British Prime Minister David Cameron admitted he had benefited financially from the offshore trust his father Ian Cameron had set up in the 1980s.
Cameron said he and his wife Samantha owned shares in Blairmore Holdings, which has been named in the Panama papers relating to secret offshore dealings facilitated by law firm Mossack Fonseca.
Cameron and Samantha sold the "bearer shares" in his father's trust for £30,000 in 2010.
However, the prime minister told ITV News he paid all UK taxes on the profits he made from Blairmore shares and that he did not resorted to tax avoidance.
"We owned 5,000 units in Blairmore Investment Trust, which we sold in January 2010," the PM told ITV News.
"Samantha and I had a joint account and we owned 5,000 units in Blairmore investment trust which we sold in January 2010, that was worth something like £30,000."
The prime minister's admission of benefit flew in the face of the Downing Street statement on Wednesday that said Cameron, his wife and children did not benefit from the offshore funds.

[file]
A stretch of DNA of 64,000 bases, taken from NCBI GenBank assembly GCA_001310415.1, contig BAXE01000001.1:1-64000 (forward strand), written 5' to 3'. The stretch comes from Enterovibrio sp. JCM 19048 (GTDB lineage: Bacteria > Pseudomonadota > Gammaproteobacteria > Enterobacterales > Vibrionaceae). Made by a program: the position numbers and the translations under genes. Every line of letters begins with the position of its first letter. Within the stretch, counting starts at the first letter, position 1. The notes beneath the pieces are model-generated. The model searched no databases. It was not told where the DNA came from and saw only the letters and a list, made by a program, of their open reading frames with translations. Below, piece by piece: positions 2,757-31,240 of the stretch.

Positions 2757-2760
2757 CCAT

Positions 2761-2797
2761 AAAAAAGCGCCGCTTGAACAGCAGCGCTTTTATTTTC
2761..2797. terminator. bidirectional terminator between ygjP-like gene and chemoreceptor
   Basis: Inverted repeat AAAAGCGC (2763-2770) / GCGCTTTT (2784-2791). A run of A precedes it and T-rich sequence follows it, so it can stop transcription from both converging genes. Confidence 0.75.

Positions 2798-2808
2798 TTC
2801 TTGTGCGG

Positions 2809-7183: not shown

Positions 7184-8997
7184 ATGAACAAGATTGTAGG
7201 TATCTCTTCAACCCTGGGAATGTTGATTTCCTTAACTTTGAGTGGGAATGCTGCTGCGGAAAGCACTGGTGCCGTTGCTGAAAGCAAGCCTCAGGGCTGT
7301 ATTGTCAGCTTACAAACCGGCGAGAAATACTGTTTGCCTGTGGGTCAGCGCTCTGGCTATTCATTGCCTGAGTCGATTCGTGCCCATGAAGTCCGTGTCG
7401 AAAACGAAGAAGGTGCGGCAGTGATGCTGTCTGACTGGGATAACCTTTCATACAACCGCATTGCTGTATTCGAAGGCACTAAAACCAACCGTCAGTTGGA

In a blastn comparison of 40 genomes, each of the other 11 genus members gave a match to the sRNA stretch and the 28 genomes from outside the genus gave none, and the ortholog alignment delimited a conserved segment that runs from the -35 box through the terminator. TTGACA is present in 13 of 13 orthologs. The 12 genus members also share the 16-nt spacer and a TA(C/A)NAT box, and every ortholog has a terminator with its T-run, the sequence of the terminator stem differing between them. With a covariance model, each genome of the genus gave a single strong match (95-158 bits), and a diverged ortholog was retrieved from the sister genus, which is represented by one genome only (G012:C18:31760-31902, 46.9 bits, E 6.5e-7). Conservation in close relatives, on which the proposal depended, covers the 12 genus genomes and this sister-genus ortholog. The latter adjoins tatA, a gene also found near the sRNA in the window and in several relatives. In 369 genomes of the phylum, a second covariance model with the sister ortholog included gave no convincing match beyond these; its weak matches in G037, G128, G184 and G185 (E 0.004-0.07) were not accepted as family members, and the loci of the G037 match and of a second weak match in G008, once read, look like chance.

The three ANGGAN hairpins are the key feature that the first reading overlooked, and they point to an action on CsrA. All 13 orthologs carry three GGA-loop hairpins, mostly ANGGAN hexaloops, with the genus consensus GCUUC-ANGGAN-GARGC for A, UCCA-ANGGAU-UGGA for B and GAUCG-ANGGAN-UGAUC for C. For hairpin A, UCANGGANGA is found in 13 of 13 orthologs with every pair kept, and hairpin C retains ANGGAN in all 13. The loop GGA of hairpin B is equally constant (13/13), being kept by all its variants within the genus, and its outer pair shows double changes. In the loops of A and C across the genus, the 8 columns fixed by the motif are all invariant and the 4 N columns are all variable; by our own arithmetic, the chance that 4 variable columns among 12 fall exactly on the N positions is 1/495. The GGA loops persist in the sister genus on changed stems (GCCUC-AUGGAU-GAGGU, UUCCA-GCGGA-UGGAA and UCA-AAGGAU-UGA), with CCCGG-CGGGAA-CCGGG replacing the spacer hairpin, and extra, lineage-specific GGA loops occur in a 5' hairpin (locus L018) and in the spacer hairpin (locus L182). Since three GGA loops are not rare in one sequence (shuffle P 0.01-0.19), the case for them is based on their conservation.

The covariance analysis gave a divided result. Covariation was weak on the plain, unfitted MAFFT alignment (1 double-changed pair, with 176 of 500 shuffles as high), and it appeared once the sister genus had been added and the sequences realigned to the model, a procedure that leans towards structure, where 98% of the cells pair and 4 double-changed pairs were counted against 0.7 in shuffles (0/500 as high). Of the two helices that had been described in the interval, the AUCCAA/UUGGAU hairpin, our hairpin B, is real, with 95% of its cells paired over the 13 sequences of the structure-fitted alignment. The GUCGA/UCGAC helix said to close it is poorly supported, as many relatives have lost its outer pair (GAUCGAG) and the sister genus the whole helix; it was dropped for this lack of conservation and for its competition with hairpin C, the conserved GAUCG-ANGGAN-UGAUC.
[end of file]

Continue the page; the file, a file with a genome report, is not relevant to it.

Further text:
The initial response of the Downing Street when Ian Cameron's offshore business details were revealed in the Panama papers was that it was a "private matter".
The priming minister underscored this stance the same day when he said: "I have no shares, no offshore trusts, no offshore funds, nothing like that. And, so that, I think, is a very clear description".
With more details emerging and more questions raised, his office modified the statement on Wednesday: "The prime minister owns no shares. As has been previously reported, Mrs Cameron owns a small number of shares connected to her father's land, which she declares on her tax return."